On the other hand, HR professionals in the industry are great sources of information about labor market, salaries, required qualifications and typical career path, but they can't always provide detailed information about what it is like to do the job on a day to day basis.
Start With Some Research
Once you have determined the type of job you'd like to learn more about, look for a company that hires people to do that type of job.
Make Use of Your Network
Information interviews are easier to set up and less intimidating to do if you can start out by talking with someone who is already a part of your network, or someone who has a mutual friend in common with you.
Ask people you already know if they know anyone who works within the industry that interests you and if they might connect you with that person so you can learn a bit more about the industry.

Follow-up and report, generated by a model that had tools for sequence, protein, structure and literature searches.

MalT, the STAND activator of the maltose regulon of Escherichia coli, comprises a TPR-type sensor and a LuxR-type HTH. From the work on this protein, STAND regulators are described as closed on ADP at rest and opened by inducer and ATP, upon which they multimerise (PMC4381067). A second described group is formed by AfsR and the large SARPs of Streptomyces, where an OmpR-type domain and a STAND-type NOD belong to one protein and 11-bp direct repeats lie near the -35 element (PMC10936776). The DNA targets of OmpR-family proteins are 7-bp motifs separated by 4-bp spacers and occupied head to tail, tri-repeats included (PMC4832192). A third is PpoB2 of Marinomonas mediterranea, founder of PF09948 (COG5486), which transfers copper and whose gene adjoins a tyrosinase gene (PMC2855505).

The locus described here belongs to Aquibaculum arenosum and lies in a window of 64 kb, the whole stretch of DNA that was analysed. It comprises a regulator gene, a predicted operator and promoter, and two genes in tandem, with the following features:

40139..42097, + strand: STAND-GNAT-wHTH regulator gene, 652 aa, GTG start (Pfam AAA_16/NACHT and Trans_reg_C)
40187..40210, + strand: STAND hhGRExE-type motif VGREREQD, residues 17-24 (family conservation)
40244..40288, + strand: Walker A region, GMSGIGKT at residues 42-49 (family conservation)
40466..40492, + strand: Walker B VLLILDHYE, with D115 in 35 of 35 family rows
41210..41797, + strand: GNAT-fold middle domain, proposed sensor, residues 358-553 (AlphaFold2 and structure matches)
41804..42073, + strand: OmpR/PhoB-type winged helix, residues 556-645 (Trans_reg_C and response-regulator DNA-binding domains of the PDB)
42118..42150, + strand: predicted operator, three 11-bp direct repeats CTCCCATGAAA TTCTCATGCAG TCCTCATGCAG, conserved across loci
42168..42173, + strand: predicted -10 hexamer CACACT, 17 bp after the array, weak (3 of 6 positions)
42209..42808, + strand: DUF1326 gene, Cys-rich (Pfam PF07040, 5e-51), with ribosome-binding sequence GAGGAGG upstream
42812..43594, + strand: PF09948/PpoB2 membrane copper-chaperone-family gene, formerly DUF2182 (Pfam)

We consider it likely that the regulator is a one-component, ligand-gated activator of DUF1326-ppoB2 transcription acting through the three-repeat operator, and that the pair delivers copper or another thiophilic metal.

Or Cold Contact People if Necessary
If none of your existing contacts know someone in the industry, your next step is to cold contact someone within the industry.
You may be nervous about cold contacting people to set up informational interviews, but don't let that stop you. People are surprisingly receptive to this request.
If you are nervous, make some notes about what you want to say to help you stay focused. Also, don't call your favorite company first. You get better at this the more you do it.
If, for example, you have a list of four companies where you'd like to do informational interviews, but one company stands out as your favorite, call people at the other companies first. Practice on them, and then call your favorite company once you are more comfortable with the process.